I am from taking the dirt road to MacArthur Park
to ice skating on the frozen reservoir,
from Hostess fruit pies and braided gimp.
From the night my mother took too many pills
to the morning my father was just gone.
I am from the tree branches that kept me hidden
when it was my turn to go to the dentist
to the roof I could watch the stars from
and ignore the storm brewing inside.

I am from floating on my back in the pool,
bobbing for hard, underripe pears
that tasted of chlorine and abandonment.
I am from the pregnant purple balloons
of the hostas nodding along the front walk,
crushed prematurely by ignorant fingers
that didn't understand that
a popped blossom would never know
the joy of opening into a beautiful bell.

This can be adapted to any age or grade level as a lesson and I'm willing to bet you can find no less than 20 full lesson plans online if you would like to have your class do a similar exercise.

It was a lesson in discovery for me ... revisiting many images I had forgotten, expecially some of the more plesant ones that get forgotten by the flood of the darker ones. We'll see where this notebook takes me. It's good enough to me that I'm writing again. *whew*

September 3, 2004

Currently reading...

Lost Wax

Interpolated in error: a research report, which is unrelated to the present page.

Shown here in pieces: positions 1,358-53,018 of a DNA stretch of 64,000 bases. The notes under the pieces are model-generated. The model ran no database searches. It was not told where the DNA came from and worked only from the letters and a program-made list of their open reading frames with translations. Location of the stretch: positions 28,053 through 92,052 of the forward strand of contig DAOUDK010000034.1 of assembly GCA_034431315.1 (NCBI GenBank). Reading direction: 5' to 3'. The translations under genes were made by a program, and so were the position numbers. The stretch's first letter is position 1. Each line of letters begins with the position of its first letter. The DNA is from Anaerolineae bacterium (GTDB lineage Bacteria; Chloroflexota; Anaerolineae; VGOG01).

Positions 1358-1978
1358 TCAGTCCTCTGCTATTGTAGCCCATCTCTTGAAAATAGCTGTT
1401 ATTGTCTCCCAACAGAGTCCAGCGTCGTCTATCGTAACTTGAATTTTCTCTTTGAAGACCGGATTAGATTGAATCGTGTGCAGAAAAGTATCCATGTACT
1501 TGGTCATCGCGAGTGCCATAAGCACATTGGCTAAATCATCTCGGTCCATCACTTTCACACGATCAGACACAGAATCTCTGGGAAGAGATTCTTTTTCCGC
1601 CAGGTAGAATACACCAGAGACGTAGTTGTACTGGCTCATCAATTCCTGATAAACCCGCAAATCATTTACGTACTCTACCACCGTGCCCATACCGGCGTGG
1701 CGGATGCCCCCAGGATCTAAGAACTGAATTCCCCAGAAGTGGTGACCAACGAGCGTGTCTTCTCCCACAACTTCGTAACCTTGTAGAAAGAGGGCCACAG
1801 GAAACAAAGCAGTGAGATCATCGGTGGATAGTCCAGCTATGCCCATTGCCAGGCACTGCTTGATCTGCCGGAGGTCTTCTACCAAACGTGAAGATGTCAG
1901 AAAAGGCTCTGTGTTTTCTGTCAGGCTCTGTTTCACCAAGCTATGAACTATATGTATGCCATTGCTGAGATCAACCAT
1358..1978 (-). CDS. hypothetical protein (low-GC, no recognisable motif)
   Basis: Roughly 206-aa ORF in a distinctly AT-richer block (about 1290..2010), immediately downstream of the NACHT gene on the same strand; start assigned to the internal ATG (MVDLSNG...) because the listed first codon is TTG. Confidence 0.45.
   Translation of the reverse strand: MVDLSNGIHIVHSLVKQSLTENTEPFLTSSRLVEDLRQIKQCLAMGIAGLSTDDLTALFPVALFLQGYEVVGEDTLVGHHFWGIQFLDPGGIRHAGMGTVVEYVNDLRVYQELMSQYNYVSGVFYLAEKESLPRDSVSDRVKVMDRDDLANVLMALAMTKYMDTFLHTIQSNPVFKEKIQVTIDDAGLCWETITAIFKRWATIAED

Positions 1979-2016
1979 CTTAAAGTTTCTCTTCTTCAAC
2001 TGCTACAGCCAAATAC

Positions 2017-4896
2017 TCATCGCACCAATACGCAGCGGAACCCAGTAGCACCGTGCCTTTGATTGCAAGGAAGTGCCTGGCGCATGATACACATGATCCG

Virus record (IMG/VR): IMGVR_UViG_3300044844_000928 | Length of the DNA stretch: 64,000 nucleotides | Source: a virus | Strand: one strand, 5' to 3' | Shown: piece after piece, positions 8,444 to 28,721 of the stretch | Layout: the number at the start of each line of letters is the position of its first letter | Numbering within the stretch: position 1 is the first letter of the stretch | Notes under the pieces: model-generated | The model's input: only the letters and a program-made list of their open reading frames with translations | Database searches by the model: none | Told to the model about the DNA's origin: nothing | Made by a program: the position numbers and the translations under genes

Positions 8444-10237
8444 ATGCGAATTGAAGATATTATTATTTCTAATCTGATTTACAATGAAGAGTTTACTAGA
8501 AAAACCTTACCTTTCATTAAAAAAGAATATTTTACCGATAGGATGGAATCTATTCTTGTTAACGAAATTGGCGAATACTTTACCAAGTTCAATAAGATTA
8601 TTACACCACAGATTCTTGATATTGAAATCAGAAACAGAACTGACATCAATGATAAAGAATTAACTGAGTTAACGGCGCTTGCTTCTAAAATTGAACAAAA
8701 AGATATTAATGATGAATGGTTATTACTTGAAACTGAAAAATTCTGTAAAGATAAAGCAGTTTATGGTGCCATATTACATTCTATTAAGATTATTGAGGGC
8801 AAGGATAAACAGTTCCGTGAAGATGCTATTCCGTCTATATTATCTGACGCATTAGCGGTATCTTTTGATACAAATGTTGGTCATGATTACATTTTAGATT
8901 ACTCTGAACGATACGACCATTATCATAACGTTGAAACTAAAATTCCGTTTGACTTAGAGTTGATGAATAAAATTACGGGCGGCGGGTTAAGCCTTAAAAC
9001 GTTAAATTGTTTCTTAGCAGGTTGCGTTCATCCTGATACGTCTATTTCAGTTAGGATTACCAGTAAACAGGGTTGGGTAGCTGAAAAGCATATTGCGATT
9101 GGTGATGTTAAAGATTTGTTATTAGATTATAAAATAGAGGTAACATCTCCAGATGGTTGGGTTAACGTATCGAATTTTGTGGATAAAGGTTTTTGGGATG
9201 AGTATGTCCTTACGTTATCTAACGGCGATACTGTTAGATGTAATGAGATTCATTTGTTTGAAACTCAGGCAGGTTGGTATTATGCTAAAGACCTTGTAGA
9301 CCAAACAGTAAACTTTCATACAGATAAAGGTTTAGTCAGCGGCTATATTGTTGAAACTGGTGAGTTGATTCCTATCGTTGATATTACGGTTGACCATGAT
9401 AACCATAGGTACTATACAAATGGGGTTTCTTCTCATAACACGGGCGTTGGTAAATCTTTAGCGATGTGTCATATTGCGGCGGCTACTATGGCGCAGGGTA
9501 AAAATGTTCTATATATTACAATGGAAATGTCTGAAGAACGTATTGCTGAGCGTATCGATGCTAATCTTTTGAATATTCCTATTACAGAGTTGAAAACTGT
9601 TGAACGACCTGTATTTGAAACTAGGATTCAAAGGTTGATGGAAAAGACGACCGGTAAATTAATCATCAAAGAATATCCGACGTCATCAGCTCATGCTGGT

by CK Williams

My love gives me some wax,
so for once instead of words
I work at something real:
I knead until I see emerge
a person, a protagonist;
but I must overwork my wax,
it loses its resiliency,
comes apart in crumbs.

I take another block:
this work, I think, will be a self;
I can feel it forming, brow
and brain; perhaps it will be me,
perhaps, if I can create myself,
I'll be able to amend myself;
my wax, though, freezes
this time, fissures, splits.

Words or wax, no end
to our self-shaping, our forlorn
awareness at the end of which
is only more awareness.
Was ever truth so malleable?
Arid, inadhesive bits of matter.
What might heal you? Love.
What might make you whole? Love. My love.

Summer reading for me has included a pile of poetry books (Rukeyser, Rich, Sexton, Williams, Dove, Olds, Atwood ... 2 or 3 a week) that only served to remind me of how I want to write ... and how little I can write any more. When I read this piece, it literally sucked the air out of my lungs. Though I am a huge proponent of editing, I know there are instances where overworking your words can make them sterile, brittle ... a technically perfect poem can be the goal but if it has no soul, it's merely words.

Yes, I'm writing again ... all that reading was intellectual WD40.

On another level, I wonder at the subtext, the way Williams weaves the relationship through the poem while, at the same time, keeping it as an external stimulus to the story by opening and closing with "My love ..." This is a poet that knows how to use a split second in time, a seemingly trivial human moment, and turn it into a broader, more universal message while still keeping it terribly personal. Something to aspire to.

(please excuse cross-posting ... also on Poetry Cafe messageboards ... just trying to illustrate where my writing chops are and possibly warming this place up for some poetry again. Though I've just given myself an impossible ideal to live up to. *DOH!*)